Richard Harding Davis (1864-1916) is a name little recognized anymore. In his time, though, Davis was one of the world’s most famous and widely read journalists. His dashing persona coupled with his dispatches from the Spanish-American War, the Second Boer War and World War I made him a celebrity. It isn’t hyperbole to say that his unique writing style, which combined high adventure, sensationalism and a very personalized view of the world around him, helped pave the way for the more literary-minded journalists of the 1930s and the New Journalists of the ‘60s and ‘70s.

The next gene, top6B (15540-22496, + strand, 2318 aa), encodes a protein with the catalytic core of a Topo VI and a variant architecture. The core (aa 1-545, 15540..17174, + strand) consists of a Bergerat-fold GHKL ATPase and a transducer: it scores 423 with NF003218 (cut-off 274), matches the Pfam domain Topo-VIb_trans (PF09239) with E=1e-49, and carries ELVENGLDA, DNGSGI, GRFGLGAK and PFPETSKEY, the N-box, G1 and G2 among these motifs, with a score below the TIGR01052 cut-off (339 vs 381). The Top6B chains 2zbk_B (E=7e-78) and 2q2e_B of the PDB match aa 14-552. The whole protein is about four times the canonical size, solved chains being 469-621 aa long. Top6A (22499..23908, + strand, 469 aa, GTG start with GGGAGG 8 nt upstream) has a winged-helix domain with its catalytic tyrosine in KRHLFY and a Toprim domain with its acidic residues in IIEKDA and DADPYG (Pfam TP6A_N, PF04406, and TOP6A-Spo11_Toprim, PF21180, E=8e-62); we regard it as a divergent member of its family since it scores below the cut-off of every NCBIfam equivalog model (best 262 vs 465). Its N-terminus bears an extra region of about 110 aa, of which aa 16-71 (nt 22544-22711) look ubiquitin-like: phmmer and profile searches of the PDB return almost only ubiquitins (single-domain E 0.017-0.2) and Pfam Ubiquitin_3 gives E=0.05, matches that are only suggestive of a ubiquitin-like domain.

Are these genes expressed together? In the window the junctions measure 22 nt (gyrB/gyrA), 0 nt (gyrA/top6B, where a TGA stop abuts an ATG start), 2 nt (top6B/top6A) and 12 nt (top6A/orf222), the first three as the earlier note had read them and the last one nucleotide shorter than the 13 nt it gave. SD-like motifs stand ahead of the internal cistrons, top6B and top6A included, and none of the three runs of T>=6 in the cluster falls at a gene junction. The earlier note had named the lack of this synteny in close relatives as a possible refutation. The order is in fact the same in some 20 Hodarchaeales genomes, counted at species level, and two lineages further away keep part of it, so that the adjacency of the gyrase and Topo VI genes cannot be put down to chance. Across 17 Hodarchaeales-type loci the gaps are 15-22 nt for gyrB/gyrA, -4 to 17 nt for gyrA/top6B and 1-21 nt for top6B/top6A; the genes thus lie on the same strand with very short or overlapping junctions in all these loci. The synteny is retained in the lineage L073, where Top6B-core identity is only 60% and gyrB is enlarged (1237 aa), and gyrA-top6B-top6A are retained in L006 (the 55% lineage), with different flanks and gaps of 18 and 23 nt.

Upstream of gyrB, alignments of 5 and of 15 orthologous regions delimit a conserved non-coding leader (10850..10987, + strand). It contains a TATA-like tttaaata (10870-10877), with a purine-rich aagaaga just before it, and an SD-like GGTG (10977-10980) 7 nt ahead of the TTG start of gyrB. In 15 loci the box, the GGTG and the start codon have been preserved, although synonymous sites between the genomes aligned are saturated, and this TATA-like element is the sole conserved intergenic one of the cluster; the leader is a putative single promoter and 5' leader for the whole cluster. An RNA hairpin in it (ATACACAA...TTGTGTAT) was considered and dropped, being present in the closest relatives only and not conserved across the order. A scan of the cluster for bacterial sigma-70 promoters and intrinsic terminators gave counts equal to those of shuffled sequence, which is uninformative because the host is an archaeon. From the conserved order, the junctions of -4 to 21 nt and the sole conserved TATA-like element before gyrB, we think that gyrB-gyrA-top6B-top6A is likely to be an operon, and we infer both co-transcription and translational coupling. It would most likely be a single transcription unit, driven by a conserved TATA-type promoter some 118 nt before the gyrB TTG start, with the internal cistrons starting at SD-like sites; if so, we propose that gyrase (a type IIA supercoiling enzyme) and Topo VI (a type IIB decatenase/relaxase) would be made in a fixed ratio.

Davis’s legacy is not without controversy, and as a result, some of his work has been criticized for romanticizing war criminals, politicians (Theodore Roosevelt chief among them) and foreign policy blunders. Worse, some historians have argued that Davis’s melodramatic and often times jingoistic stories about the plight of the Cuban people suffering under Spanish rule helped to push the United States towards a war that ultimately created American colonies in the Caribbean and Pacific.
Still, Davis’s journalism, novels and plays remain immanently readable today. Recently, much of Davis’s oeuvre was put online for free, and below is a list of the five very best books ever penned by the man.